Mumbai, Nov. 24: Giving in to pressure from all sides, the Congress in Maharashtra today indicated that it is open to handing over the fake stamp-paper scam to the CBI.
Chief minister Sushil Kumar Shinde, who had been resisting the move, said the Centre’s demand for a CBI probe into the stamp scam masterminded by Abdul Karim Telgi could be considered.
However, the chief minister was quick to qualify his statement with a rider. “But the final decision will have to be taken by Bombay High Court as it is the high court which had instituted the special investigation team, and it is the court to which the team is directly reporting to,’’ he said.
He also blamed the Centre for failing to act early in the case. “They woke up late,’’ he said.
Pressure on Shinde to call for a CBI probe had been mounting after the Opposition Shiv Sena-BJP met the governor with a complaint alleging the complicity of certain ministers in the Telgi scam, now valued at Rs 39,000 crore.
It didn’t help the Congress that it had a governor in Mohammad Fazal who openly supported a CBI probe into the scam. Fazal even wrote a letter — which again became public — to Shinde, telling the chief minister that in his “personal opinion’’ it would be best in the larger interest to hand over the case to the CBI.
But matters got out of hand after CBI chief P.C. Sharma said in Mumbai recently that not only was the CBI not burdened with work “as generally believed’’, it was also open to the idea of investigating the Telgi scam “with its interstate and national security ramifications’’.
The final straw came when the CBI in Delhi said the scam amount was much bigger than Rs 3,000 crore. “It could be 10 times that amount,’’ Sharma said. Also Allahabad High Court, reacting to a petition, asked the Centre to start a CBI investigation.
Shinde, however, was circumspect about the central investigation, which may go on to reveal, as former police commissioner Julio Ribeiro said, the “political faces behind the shadows’’.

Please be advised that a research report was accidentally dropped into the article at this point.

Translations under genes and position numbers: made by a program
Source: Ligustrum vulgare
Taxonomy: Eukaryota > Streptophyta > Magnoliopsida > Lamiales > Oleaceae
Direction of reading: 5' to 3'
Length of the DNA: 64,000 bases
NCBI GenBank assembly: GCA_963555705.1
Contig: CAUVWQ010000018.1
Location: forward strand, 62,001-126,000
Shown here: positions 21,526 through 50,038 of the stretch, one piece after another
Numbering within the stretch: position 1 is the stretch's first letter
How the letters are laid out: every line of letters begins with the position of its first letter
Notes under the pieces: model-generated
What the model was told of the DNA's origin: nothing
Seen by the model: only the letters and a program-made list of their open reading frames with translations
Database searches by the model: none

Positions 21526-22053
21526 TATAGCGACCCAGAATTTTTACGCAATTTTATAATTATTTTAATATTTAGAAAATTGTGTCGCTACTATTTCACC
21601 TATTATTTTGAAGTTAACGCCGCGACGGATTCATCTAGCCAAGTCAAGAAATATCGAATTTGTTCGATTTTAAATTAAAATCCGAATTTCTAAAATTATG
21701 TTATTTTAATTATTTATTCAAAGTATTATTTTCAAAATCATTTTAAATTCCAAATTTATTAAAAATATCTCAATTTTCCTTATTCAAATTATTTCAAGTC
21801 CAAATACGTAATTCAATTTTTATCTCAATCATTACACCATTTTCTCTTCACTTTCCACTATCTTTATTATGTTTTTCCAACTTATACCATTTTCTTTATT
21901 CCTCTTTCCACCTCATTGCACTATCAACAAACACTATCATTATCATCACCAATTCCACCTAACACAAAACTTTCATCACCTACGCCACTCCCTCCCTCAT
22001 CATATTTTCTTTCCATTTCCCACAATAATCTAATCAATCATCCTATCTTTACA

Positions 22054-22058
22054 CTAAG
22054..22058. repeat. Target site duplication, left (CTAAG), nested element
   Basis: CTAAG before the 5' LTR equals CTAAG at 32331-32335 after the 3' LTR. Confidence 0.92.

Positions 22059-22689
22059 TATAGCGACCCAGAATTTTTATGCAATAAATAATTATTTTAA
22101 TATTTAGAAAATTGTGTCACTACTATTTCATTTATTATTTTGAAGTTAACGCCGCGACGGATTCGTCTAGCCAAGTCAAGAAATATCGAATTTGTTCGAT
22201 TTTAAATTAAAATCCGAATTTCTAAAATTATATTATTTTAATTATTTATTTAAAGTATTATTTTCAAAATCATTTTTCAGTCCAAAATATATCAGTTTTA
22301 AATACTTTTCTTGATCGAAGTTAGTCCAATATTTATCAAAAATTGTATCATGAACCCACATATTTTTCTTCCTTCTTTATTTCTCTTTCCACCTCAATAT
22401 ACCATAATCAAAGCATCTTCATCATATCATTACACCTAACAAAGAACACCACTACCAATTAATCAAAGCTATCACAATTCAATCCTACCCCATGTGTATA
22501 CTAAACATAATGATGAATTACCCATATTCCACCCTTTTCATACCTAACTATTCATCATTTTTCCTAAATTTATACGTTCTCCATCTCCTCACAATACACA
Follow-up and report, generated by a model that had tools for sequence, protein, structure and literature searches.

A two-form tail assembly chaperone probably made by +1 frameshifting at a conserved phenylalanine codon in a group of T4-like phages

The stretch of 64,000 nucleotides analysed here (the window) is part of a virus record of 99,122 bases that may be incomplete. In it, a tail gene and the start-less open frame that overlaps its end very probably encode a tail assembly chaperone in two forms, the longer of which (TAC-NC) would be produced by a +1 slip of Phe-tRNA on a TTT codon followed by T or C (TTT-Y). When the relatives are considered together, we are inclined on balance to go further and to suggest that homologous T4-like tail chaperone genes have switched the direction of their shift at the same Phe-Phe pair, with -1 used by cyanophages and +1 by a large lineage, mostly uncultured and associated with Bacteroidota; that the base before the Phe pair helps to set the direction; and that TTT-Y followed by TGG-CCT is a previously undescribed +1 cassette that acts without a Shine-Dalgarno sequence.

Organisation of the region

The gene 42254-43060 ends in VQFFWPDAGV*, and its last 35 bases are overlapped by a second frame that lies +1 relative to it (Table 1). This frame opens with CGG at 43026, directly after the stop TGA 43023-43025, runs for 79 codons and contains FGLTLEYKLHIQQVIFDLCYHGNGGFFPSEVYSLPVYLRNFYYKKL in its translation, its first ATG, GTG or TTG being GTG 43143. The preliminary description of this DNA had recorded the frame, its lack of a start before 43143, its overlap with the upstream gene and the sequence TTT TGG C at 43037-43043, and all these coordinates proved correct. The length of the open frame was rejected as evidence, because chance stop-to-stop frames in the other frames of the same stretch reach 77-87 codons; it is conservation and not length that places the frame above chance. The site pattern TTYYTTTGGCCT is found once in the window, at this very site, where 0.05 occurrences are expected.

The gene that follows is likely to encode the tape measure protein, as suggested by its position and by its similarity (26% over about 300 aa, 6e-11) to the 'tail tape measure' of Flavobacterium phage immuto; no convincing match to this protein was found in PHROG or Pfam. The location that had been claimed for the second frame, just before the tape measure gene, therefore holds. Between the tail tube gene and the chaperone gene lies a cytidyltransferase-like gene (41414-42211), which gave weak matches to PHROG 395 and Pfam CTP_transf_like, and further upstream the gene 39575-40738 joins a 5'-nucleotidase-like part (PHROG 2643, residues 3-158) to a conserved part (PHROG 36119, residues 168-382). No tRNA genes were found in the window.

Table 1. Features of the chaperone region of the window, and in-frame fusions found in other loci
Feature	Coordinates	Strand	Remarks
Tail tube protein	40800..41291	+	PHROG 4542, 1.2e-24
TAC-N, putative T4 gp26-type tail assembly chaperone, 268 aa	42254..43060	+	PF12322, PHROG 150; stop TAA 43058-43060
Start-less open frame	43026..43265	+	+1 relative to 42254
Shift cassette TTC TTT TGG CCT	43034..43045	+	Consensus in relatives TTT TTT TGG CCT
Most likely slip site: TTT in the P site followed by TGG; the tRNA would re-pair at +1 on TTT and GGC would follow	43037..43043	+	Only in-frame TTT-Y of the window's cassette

“The matter is sub judice,’’ he said, adding that the ultimate decision will be taken by Bombay High Court on November 27 — the day the Telgi case and the role of police officers involved in it comes up for hearing.
There are allegations from the BJP that a senior minister in the state government was given Rs 20 crore by a Telgi henchman to help the scamster out. The BJP has said the henchman, Antim Totla, made numerous calls from his cellphone to a senior NCP leader. Two MLAs, one from Andhra Pradesh and another from Maharashtra, are in jail in connection with the Telgi case.
Shinde had earlier said the special investigation team (SIT), which has arrested joint commissioner of police Sreedhar Vagal and 10 other police officers, was doing a commendable job. “The SIT has performed in a manner that has matched our highest expectations,’’ Shinde had said, adding caustically that the CBI was not the last thing in investigation.
“Many of the things they (CBI) have done in the past have raised a lot of questions,’’ he said.
The CBI, in a limited way, is already investigating the Telgi case in Gujarat, Andhra Pradesh and Delhi. It has also begun looking at the financial dealings of the Nashik press, which Telgi used while expanding his fake stamp-paper empire.
Special court trial begins
A special court in Bangalore today formally commenced trial in the fake stamp-paper scam, reports PTI. Sessions court judge A.T. Manoli, who has been appointed to preside over the special court and conduct the trial, took charge at the high-security Bangalore Central Jail in Parappana Agrahahara on the outskirts of the city.
Judge Manoli said he had sought transfer of the documents of the cases pending before various courts, including the fast track court and the high court. The trial would begin once the documents were transferred, he said.